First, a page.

Photo, above: Prayer: The funeral prayer was so well attended that many people had to stay outside the building
At least 500 people turn up at Muslim cemetery for burial of Copenhagen gunman – despite objections from Islamic group that owns it
- Omar El-Hussein, 22, murdered two people last weekend in Danish capital
- The fanatic was then gunned down by police following a shootout
- He was buried today in a Muslim cemetery on the outskirts of the city
- Authorities had fears ‘over extremist attitudes and actions on both sides’
The gunman who killed two people in Copenhagen was today buried in a Muslim cemetery in the city, despite objections from the Islamic group that owns it.
Omar El-Hussein, 22, murdered two people last weekend following a bloody rampage through the Danish capital that ended when he was killed in a shootout with police.
The ceremony at the Islamic Society of Denmark was attended by approximately 500 mourners and sympathisers, before he was buried in a Muslim cemetery on the outskirts of the city.
Mourners: Stewards surround the hearse carrying the body of Omar El-Hussein, who murdered two people last weekend following a bloody rampage in Copenhagen
Final journey: Ahmet Deniz, head of the Islamic Burial Fund’s support group said he had concerns before the ceremony about the burial
But Ahmet Deniz, head of the Islamic Burial Fund’s support group told newspaper Jyllands-Posten, that he had concerns before the ceremony about the burial.
He said that the group said it had considered denying a request by El-Hussein’s parents to have him buried in their cemetery, but that its rules did not allow for it.
He added: ‘My concern is over extremist attitudes and actions on both sides. Both from his friends and from young Danish people who perhaps could also riot later.’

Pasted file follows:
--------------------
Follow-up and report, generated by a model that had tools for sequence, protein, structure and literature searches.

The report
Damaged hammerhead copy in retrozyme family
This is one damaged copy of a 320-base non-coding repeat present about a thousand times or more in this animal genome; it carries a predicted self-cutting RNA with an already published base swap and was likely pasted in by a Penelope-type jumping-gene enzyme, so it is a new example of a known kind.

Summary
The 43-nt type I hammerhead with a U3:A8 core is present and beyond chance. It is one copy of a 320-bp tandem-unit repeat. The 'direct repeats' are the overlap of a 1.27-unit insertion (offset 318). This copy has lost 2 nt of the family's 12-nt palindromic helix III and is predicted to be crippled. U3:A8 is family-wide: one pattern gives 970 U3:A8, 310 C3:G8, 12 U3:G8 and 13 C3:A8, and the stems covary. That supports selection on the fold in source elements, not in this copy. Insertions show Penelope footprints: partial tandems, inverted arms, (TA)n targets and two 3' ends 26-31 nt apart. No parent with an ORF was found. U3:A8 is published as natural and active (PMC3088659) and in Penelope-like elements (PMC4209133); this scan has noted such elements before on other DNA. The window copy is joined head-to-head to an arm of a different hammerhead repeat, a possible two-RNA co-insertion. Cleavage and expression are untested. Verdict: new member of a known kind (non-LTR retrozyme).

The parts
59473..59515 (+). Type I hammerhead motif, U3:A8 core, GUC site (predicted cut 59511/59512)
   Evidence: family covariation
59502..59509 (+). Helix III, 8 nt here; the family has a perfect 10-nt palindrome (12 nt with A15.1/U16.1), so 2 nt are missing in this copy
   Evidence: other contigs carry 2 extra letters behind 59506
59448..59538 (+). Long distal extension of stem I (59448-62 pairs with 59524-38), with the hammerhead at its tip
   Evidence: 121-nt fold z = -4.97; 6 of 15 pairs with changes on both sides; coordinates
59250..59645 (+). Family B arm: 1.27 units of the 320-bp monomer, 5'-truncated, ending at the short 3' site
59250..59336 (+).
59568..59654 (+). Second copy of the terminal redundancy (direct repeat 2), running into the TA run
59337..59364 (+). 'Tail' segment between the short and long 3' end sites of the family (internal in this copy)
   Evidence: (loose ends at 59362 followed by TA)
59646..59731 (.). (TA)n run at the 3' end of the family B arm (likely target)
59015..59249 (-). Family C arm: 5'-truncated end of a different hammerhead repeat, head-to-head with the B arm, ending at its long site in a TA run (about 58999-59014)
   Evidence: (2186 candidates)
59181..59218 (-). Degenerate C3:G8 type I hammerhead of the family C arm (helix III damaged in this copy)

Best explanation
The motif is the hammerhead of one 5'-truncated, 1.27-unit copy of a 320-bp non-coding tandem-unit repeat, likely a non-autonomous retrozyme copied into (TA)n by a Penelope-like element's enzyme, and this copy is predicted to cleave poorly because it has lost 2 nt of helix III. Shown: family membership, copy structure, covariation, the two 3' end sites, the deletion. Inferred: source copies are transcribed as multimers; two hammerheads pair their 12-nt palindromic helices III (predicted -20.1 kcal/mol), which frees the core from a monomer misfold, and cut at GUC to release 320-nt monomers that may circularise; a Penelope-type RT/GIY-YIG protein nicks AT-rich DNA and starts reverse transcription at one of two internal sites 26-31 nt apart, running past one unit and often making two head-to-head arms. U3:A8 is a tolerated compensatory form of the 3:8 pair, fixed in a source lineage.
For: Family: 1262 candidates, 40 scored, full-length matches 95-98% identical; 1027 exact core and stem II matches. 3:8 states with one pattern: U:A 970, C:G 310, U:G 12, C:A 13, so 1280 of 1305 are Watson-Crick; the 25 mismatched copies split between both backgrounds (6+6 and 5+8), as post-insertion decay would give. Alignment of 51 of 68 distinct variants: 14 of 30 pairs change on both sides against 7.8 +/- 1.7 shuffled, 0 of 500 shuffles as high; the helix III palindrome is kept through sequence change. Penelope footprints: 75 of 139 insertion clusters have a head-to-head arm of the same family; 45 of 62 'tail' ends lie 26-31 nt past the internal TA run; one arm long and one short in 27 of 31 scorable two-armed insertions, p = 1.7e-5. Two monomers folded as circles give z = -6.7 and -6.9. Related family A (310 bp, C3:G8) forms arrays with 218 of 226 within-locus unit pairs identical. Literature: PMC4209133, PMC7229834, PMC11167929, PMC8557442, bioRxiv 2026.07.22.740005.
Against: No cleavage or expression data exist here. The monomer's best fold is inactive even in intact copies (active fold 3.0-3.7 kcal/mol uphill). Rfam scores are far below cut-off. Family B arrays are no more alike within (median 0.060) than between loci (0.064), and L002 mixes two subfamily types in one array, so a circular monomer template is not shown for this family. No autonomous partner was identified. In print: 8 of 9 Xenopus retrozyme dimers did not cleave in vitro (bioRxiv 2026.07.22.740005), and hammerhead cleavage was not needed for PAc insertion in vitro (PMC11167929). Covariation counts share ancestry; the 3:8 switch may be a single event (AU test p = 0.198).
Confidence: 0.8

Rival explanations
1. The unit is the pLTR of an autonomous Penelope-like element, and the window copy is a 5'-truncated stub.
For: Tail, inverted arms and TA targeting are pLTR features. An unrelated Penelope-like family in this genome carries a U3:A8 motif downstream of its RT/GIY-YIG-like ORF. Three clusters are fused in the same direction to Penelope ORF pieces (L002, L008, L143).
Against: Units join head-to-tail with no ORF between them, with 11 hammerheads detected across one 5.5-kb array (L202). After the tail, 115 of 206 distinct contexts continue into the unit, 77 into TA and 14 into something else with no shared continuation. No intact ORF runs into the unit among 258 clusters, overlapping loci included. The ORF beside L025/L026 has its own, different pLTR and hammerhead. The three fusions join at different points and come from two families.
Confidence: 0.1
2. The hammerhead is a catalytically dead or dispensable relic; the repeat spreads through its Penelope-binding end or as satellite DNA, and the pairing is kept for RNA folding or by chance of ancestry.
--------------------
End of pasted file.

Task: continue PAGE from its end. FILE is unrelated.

The funeral was open to the public, but reports from the scene said it was mostly attended by young men, who were described as ‘wearing large black coats with many of them having covered their faces’.
Before the ceremony, Copenhagen Police urging anyone attending to ‘show appropriate respect’ while Kasem Said Ahmad, who conducted the burial ceremony, said that he would require everyone to ‘remain silent’.
Ahmad rejected suggestions that a large turnout at the funeral would be a sign of support for the alleged killer.
He said: ‘It is support for the family, not for him. I do not think that anyone is coming to pay homage to him.’
After the burial, controversial Salafist Adnan Avdic – who had previously called El-posed for pictures at the the plot.
Two people – a documentary maker and a volunteer security guard at Copenhagen’s main synagogue – died in two separate shootings last Saturday and Sunday.
Soon afterwards, El-Hussein was then killed in a firefight with police which concluded a shooting spree that authorities say may have been inspired by the terror attacks in Paris last month.
El-Hussein first gunned down film director Finn Nørgaard at a free speech debate in the city, but it is believed his target was Lars Vilks, a Swedish artist who has received numerous death threats for caricaturing the Prophet Muhammad.
After fleeing the scene, El-Hussein then appeared nine hours later outside a synagogue in Copenhagen where he fired nine rounds with two hand guns, killing Jewish security guard Dan Uzan and wounding two police officers.